source : JOC.com (The Journal of Commerce) 2022-03-07
“Ensuring you have secured the capacity you need and carrier commitments in place will, for most shippers, be more valuable than being the one to have secured the lowest rates,” Xeneta said in a statement.
The average long-term rate to the West Coast signed in the past three months is $6,548 per FEU, while the average East Coast rate is $10,100 per FEU as importers “flock to the East Coast to avoid the congestion and risks associated with the West Coast,” said Xeneta.
Xeneta’s statement comes on the heels of the JOC’s TPM22 Conference in Long Beach last week, where shippers, carriers, non-vessel-operating common carriers (NVOs), and industry analysts said ocean and landside congestion in the United States will keep vessel capacity tight this year, delaying any rate relief for retailers and other importers until 2023 at the earliest.
Carriers last fall began to sign service contracts with their most favored customers at rates reportedly in the range of $6,000 to $8,000 per FEU to the West Coast, which is more than double the rates of about $3,000 per FEU in the 2021–22 contracts, most of which expire on May 1. Now that carriers have turned their attention to mid-size shippers and NVOs over the past two months, contract rates have increased further.
“Trans-Pacific contracts are catching up with spot market rates, said Alan Murphy,” CEO and partner at Sea-Intelligence Maritime Analysis, told TPM22. Ocean, landside congestion sapping capacity Carriers are exerting unprecedented strength in negotiating the 2022–23 contracts owing in part to strong import volumes, but also owing to supply chain bottlenecks at Asian and US ports that are reducing the effective capacity of the vessels they are deploying. Vessel operators are slow steaming from Asia to better align their arrivals at US ports with berth and labor availability, noted Thorsten Meincke, board member, air and ocean freight, at forwarder DB Schenker.
Trans-Pacific carriers last year increased their capacity 31 percent, but owing to vessels being delayed at ports or slow steaming, at various times the effective capacity was reduced by between 8 and 25 percent, according to Meincke. As a result, “rates have exploded,” he said.
US imports from Asia increased 4.5 percent y/y to a record 1.7 million TEU in January after surging 14.4 percent for the full year in 2021, according to PIERS, a JOC.com sister product within IHS Markit. While industry analysts and carrier representatives said import growth this year will slow to more normal single-digit y/y growth, supply chains are so backed up that they will continue to reduce the effective capacity of the vessels deployed in the trans-Pacific. No relief likely until 2023 Lars Jensen, CEO and partner of Vespucci Maritime, said the current international trade bottlenecks will continue to result in capacity shortages until “the end of 2022, if we are lucky,” but more likely into 2023.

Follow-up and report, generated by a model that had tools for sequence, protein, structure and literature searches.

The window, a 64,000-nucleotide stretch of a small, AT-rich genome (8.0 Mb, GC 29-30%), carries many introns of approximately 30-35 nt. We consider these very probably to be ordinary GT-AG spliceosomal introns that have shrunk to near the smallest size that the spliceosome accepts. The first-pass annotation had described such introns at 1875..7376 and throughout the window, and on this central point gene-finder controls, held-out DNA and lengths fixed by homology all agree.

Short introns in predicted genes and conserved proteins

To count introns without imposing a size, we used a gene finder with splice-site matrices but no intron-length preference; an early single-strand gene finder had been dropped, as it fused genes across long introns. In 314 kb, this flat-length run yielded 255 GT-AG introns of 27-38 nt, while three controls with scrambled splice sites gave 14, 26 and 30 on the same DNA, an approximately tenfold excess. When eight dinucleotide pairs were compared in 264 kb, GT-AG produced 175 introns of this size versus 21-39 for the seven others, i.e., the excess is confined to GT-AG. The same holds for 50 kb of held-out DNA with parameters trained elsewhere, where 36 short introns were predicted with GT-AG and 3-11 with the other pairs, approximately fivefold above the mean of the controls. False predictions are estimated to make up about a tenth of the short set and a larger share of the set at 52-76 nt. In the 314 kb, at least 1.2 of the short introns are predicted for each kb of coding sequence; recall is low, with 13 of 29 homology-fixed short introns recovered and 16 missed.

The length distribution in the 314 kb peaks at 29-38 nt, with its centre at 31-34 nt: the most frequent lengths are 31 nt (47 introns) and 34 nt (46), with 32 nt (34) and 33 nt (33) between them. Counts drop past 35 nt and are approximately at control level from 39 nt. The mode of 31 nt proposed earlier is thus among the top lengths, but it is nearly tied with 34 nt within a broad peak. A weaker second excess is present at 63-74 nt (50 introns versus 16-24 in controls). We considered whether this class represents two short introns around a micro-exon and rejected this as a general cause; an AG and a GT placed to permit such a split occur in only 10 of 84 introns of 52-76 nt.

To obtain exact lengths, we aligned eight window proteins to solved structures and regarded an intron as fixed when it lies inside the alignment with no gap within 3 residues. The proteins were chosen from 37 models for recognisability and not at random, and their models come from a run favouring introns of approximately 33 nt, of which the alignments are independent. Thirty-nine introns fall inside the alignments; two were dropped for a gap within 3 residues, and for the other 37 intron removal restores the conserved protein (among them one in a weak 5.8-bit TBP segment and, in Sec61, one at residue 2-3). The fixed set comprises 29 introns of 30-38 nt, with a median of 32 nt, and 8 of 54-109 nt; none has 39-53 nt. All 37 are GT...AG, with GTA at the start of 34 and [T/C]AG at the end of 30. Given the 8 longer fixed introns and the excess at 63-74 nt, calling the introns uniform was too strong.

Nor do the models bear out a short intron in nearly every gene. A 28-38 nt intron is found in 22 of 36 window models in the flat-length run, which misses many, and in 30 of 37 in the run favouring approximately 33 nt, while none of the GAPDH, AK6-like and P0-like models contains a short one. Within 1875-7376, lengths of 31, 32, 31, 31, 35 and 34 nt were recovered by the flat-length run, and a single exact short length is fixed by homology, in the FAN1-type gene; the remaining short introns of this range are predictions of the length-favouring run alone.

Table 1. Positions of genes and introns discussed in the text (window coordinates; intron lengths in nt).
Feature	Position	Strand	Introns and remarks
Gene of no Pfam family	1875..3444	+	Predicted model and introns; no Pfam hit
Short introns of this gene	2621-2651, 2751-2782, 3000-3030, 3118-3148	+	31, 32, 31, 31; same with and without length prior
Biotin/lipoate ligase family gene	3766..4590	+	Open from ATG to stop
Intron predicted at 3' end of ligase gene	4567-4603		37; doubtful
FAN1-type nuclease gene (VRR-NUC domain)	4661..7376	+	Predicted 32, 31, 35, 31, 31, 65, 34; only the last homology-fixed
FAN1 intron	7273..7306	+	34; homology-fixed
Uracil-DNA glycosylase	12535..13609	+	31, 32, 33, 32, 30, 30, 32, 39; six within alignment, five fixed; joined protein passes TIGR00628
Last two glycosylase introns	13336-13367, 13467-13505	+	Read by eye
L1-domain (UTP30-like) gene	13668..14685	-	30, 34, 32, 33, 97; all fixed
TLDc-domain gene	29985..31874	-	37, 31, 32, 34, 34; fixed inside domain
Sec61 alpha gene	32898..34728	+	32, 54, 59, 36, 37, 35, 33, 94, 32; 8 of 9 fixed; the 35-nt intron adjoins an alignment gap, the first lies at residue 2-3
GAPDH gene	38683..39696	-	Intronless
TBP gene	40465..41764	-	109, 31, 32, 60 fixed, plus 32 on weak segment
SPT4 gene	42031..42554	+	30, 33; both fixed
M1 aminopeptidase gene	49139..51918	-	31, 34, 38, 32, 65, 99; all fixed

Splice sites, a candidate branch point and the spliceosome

US retailers and other importers were counting on a surge of new vessel deliveries scheduled to take place in 2023 and 2024 to stabilize the supply/demand balance in the trans-Pacific. However, industry analysts noted that the IMO’s 2023 decarbonization regulations that target greenhouse gas emissions could significantly impact older, smaller Panamax vessels with less than 5,000 TEU capacity.
Most of the services deployed by new carriers that entered the trans-Pacific last year use Panamax vessels. On their mainline routes, the major alliance carriers operate newer, larger vessels, the vast majority of which are IMO 2023-compliant. But they have also deployed dozens of smaller “extra-loader” vessels to handle the import surge, many of which will not be compliant with the IMO rules.
Carrier representatives indicated the deployment of older vessels in 2022 will begin to diminish. “Extra-loaders are not the answer” to the capacity shortages in the trans-Pacific, said CEO of Ocean Network Express Jeremy Nixon.